The workforce today is a mixed bag with four or five generations working side-by-side. Some of these workers have witnessed massive change over many years; others are fresh out of school, where they learnt on the devices now infiltrating the workplace. When it comes to technology, the older generations are using tools that didn’t even exist when they were at uni. What does it mean for them? And how can they help you drive digital transformation in your business?
[A caveat before we go any further: we at DocuSign are not age-ist. We respect the skills, perspectives and life experience that all age groups bring to the workforce. That said, when you hear that schools in America have removed analogue clocks from classrooms because the kids these days don’t know how to read them (watch this hilarious clip from The Ellen DeGeneres Show to see one kid try), you can’t help but wonder.]
[Another caveat: our writer today hails from the X generation, which was loud with the tick-tock of analogue clocks.]
The over-40s can own digital transformation
While every generation has its strengths (and, some would argue, weaknesses), you can’t slot people into digital stereotypes based on their age. Just because younger generations were practically born with a device in their hands – and may therefore be quicker than others to acquire new digital skills – this head start doesn’t mean that they will use their skills in the most advantageous way for your business.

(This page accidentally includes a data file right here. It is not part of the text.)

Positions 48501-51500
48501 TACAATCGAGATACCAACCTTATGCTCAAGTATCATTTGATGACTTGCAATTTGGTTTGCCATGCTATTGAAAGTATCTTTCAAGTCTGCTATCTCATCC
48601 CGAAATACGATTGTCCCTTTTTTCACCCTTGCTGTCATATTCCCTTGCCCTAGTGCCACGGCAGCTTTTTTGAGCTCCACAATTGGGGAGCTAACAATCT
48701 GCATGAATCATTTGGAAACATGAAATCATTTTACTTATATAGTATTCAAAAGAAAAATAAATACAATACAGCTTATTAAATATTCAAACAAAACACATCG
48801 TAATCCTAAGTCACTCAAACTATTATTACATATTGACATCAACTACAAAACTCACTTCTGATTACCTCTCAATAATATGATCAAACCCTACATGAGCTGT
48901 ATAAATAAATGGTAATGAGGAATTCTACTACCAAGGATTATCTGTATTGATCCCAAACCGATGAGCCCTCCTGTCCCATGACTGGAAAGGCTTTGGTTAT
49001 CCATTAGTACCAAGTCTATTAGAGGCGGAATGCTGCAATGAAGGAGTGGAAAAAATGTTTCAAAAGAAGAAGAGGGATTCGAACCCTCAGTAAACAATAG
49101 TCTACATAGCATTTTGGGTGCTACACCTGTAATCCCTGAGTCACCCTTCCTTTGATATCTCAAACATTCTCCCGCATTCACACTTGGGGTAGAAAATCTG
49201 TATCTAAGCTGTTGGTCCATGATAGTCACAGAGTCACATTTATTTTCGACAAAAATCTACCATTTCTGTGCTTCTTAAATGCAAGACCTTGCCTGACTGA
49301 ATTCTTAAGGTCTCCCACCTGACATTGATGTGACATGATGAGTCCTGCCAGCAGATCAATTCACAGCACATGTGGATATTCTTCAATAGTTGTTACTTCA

Put simply, you can’t correlate age with digital capabilities. Rather, the acquisition and adoption of digital capabilities at work depends more on mindset. Some people are good at embracing change; others are not so good. Age is no barrier here.
With this in mind, and to accelerate digital transformation in your organisation, it’s a great idea to seek out the change-makers, whatever age they may be. You’ll likely find some of these change-makers in leadership roles – they haven’t got to the top by accident.
Pair the change-makers with the digital natives
Once you’ve identified the people who are good at embracing change, then you could set up some cross-generational mentoring. Everyone has something to give – the younger generation can teach older employees how to use the latest digital platforms to work smarter and faster; the older generation can teach the young kids the leadership skills that got them to where they are today.
Peer to peer learning like this is invaluable in creating a culture of change, which in turn is so critical to digital transformation.
Lead by example
Business leaders (who, let’s face it, are generally over 40) can take the lead with digital transformation. To do so, it’s important that they don’t let the millennials lead the revolution. Just because a hip young thing says that the latest collaboration tool is, like, seriously phat, it doesn’t mean the tool is going to deliver value to your business.
Gen X-ers and Baby Boomers have a real opportunity to apply their experience and skills to help assess the relevance and value of new technologies and tools.Take eSignatures. Ok, so we do think they’re phat. Or dope. Or whatever the young kids are calling the cool stuff these days. But it’s only because eSignatures deliver significant value. Business leaders can quickly see just how much money, time and trees that an eSignature solution like DocuSign will deliver – and they can easily take charge of the transformation of systems of agreement from traditional paper-based formats to secure, digital formats.
No IT degree or digital nativity needed. Just good, old-fashioned common sense.
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